A value proposition isn’t a mystery.
I’m working with a client on developing a statement of their value proposition. I love this type of opportunity because it forces me to read, learn, think and discuss an important strategic topic. Best of all, it requires a clever yet insightful use of language. Something I love to do and admire when I see it done well.
Okay, maybe there is some magic to it after all.
What is a Value Proposition?
From Wikipedia, a value proposition is a promise of value to be delivered, communicated, and acknowledged. It is also a belief from the customer about how value (benefit) will be delivered, experienced and acquired.
Simply said, a value proposition is a statement that explains what benefits you provide to whom. It describes your target customers, the problems you solve, the needs you address, and why what you offer is distinctly better than alternatives.
A value proposition is your prime tool that explains your competitive advantage in the form of benefits for your stakeholders, not only to your customers, but also to your employees, partners, shareholders, and to investors, you want to entice.
A Value Proposition describes in short what your strategic marketing plan describes in detail. It isn’t your tagline but often may be the same message. A value proposition conveys VALUE not FUNCTION.
Tagline, Slogan or Value Proposition?
Some believe that a tagline is forever like Apple’s Think Differently or Nike’s Just Do It. Often a slogan can be a shortened version of a value proposition statement.
For example, Apple’s Mac Book uses the slogan on their web page – Light. Years Ahead.”
Clicking the Learn More button on their splash page reveals a product description. It reads, Our goal with MacBook was to do the impossible: engineer a full-size experience into the lightest and most compact Mac notebook ever. This is their Value Proposition – a longer version of the tagline.
In my view, a value proposition that can be reduced to less than a sentence makes it memorable and repeatable. It can capture your imagination in a second. The actual value proposition statement may be longer.
- Slogans tend to last longer.
- Taglines can be more short-term and about a campaign. Or, they can be a shortened summary of the value proposition in about seven words.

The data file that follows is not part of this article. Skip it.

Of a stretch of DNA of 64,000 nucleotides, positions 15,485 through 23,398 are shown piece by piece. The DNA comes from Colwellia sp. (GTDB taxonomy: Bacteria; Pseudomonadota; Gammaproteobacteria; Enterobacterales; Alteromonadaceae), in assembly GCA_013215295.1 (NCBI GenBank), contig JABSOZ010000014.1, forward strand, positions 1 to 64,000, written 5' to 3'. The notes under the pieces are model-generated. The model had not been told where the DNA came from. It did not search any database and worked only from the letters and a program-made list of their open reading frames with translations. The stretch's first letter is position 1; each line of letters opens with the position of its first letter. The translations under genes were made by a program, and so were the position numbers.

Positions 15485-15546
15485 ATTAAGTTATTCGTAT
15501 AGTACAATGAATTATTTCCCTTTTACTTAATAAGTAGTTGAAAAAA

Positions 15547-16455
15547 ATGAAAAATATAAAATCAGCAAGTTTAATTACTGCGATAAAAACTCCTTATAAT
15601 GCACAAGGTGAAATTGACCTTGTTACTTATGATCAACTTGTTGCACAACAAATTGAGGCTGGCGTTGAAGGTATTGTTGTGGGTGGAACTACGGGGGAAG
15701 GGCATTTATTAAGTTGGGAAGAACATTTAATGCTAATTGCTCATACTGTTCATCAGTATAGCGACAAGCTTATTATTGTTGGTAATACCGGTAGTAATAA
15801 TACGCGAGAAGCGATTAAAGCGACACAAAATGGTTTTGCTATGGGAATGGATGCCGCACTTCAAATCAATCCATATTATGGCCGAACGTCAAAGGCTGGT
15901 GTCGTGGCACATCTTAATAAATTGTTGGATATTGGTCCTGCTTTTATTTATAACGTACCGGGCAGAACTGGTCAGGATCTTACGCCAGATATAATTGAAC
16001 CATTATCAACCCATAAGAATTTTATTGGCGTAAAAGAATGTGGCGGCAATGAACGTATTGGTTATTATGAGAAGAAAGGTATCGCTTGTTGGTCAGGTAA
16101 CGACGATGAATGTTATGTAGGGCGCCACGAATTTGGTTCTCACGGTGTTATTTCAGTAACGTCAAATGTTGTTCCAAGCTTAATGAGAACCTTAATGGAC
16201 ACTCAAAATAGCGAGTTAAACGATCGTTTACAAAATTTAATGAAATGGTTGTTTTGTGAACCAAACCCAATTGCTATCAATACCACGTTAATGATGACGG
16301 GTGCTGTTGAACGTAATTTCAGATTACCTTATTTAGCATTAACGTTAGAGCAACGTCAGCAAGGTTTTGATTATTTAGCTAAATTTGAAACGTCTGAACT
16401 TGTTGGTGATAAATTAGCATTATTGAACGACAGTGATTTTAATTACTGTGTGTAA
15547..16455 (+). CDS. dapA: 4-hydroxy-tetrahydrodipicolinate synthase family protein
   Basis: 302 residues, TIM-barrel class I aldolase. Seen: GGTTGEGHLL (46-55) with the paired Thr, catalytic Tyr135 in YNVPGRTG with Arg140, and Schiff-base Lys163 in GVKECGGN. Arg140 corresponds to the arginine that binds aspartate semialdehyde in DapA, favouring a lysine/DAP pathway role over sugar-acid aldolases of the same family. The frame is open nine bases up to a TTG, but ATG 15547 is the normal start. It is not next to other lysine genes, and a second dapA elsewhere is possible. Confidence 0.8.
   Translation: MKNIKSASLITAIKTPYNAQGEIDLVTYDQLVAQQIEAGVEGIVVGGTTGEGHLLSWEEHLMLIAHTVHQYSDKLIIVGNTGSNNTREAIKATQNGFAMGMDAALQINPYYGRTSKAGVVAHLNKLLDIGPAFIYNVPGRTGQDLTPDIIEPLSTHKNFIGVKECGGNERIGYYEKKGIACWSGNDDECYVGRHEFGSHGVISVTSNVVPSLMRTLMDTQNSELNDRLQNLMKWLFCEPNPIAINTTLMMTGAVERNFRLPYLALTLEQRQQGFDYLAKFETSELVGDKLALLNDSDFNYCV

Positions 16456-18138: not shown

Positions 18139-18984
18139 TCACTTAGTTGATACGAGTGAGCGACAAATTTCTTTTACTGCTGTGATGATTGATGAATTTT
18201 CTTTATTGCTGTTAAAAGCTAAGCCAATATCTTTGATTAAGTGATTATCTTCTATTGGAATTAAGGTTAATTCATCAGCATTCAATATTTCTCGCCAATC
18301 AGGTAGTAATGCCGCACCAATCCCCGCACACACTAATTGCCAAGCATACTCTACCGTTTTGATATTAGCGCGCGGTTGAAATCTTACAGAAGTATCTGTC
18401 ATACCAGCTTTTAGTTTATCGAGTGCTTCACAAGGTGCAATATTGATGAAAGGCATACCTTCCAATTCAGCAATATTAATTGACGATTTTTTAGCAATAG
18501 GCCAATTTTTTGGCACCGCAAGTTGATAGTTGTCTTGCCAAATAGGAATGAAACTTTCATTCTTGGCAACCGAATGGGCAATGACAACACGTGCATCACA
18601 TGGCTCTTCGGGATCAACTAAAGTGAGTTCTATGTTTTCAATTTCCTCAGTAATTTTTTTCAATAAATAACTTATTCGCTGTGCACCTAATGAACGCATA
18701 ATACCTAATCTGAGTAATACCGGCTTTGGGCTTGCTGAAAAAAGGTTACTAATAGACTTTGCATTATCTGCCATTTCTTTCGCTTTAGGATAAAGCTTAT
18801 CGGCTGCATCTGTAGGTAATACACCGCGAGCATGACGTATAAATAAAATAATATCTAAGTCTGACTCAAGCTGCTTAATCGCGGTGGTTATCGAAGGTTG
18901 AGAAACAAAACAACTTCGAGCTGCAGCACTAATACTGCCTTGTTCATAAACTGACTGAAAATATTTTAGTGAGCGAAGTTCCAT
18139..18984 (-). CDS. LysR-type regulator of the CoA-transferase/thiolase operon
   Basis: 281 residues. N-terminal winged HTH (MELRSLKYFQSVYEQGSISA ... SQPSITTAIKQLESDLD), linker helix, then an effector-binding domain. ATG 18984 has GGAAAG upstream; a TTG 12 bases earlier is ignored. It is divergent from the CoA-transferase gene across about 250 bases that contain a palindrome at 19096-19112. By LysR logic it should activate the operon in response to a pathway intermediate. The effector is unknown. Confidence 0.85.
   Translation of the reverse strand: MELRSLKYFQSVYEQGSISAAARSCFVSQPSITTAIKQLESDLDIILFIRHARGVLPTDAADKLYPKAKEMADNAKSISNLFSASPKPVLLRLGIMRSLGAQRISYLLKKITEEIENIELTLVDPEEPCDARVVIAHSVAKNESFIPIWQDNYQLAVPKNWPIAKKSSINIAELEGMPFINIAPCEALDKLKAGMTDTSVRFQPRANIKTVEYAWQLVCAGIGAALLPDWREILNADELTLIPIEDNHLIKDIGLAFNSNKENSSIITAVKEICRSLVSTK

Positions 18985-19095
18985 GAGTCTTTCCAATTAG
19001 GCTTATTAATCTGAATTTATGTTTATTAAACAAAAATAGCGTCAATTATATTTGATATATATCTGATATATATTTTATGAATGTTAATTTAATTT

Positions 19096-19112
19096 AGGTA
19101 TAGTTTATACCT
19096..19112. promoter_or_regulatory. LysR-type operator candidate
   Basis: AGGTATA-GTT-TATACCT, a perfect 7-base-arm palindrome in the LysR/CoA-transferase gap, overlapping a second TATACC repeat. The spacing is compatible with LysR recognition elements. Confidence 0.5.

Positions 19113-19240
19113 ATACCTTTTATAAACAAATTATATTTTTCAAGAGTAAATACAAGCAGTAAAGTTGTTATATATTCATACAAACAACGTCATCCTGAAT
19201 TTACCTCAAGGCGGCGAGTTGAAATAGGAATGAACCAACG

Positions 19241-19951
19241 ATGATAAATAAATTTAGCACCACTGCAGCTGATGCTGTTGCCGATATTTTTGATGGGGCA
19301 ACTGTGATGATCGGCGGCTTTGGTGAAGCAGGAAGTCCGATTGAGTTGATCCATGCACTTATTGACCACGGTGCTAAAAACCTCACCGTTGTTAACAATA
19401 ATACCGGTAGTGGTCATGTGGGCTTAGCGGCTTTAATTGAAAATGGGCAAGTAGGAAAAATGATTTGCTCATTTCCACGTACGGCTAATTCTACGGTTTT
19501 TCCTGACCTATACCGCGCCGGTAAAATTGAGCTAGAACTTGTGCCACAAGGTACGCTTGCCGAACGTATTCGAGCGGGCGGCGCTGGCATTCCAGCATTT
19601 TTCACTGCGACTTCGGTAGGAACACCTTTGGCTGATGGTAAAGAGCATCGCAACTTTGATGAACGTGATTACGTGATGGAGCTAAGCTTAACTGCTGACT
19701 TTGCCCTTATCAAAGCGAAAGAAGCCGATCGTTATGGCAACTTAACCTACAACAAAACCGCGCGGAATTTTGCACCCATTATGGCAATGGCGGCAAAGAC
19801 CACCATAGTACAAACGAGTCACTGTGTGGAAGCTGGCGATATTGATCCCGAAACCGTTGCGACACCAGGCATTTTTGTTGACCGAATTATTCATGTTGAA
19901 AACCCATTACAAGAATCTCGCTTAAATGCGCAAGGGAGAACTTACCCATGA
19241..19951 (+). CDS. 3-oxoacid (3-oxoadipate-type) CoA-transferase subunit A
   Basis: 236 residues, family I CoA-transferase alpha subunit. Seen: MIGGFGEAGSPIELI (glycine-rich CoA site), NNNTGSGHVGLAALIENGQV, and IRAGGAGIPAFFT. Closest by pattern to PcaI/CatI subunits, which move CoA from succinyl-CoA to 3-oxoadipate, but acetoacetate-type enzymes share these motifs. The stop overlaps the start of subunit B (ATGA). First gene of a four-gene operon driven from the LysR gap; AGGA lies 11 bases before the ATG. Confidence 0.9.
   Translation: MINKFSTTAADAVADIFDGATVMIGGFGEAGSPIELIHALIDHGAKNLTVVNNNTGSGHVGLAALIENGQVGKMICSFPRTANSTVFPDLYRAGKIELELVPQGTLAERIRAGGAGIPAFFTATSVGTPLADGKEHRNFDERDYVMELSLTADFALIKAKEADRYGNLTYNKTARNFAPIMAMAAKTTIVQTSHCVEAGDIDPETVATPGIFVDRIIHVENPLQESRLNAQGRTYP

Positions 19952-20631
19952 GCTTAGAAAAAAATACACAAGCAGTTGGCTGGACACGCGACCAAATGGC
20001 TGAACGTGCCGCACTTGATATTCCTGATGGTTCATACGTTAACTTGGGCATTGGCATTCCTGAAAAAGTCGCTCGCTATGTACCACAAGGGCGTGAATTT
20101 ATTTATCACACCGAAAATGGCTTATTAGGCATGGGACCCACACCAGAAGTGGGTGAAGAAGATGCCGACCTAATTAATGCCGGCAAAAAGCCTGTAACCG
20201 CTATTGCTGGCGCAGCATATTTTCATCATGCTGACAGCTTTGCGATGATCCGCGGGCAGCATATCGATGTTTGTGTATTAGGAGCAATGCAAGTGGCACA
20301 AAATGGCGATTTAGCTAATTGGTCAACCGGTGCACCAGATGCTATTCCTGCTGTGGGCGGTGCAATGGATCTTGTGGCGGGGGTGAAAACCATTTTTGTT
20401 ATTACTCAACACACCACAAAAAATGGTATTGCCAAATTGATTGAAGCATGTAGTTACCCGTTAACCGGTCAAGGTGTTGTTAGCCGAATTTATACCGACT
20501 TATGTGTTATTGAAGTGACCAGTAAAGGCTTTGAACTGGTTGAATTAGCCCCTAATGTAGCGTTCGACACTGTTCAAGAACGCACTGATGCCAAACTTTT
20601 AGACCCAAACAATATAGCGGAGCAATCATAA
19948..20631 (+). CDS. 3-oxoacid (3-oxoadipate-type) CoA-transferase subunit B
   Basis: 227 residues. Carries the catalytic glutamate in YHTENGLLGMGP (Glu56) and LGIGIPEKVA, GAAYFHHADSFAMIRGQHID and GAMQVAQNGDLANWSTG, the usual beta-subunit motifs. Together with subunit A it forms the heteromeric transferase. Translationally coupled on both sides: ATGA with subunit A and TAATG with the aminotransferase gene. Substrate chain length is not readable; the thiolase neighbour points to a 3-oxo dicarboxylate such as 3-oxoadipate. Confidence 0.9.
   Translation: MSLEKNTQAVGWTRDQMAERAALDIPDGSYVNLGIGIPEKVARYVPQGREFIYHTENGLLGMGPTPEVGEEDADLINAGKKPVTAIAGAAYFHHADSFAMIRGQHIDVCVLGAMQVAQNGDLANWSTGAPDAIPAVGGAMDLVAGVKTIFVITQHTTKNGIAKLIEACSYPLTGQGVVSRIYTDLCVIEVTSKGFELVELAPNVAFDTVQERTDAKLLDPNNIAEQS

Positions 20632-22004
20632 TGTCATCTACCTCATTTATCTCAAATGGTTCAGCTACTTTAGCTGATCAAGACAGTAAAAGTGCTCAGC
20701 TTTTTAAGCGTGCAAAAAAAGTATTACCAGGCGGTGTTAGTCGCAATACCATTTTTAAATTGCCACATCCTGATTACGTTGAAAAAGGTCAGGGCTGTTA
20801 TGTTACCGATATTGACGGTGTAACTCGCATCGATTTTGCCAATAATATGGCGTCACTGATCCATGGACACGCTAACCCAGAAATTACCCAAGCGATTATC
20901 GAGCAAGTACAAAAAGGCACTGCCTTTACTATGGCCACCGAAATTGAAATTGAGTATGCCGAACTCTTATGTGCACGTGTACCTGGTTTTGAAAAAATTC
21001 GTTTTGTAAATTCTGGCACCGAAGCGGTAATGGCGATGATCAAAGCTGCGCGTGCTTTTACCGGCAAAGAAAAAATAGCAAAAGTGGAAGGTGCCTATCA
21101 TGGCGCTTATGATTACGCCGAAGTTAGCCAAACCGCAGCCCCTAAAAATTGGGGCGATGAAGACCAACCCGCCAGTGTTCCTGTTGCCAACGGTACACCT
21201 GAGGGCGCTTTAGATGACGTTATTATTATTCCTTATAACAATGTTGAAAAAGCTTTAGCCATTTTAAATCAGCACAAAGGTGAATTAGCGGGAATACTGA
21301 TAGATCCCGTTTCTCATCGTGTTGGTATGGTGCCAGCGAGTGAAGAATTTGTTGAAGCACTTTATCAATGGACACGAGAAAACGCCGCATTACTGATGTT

- Value propositions are longer, twenty-word statements of the value and benefit you deliver. It explains the promise your brand delivers.
An Unfair Advantage
Every company has customers, employees and a range of stakeholders. All of them want to believe in your promise. They may have different reasons to believe, but they want to understand what the brand or company will do that is an example of an unfair competitive advantage.
It isn’t unfair because it is illegal.
It is unfair because of some collections of relationships, technology or other special situations that only you can deliver to your larger community.
The best way to create a value proposition is to look at a few examples. Some clear and well-articulated value propositions are listed below. Think of these like pickup lines. They need to be short, truthful and easy to back up. But in a snap, someone gets it without a lot of mumbo jumbo.
MailChimp. Send Better Emails.
Lyft: Rides in Minutes
Dollar Shave Club: A great shave for a few bucks per month
Bitly: Shorten, share, measure.
Apple Mac Book: Light. Years Ahead.
Vimeo: Make Life Worth Watching
The Ladders: Move UP in your career
Pinterest: A few (million) of your favorite things
Square: Start selling today
Evernote: Remember Everything
Skype: Keeps the world talking for free. Share, message and call.
Spotify: Soundtrack for your life.
Plated: Open the door to a new kind of dinner
A value proposition must be short and connect emotionally. If it is longer than a sentence, no one will remember it. It also must pick a core advantage and point of difference, or it will just sound like corporate blah blah.
Does your brand have a clear value proposition?
If you have to look it up, it isn’t memorable.
Need help crafting your value proposition? I can help. Call 919 720 0995 or email at email@example.com
Idea for this blog inspired by https://www.impactbnd.com/blog/10-value-propositions-you-wish-you-had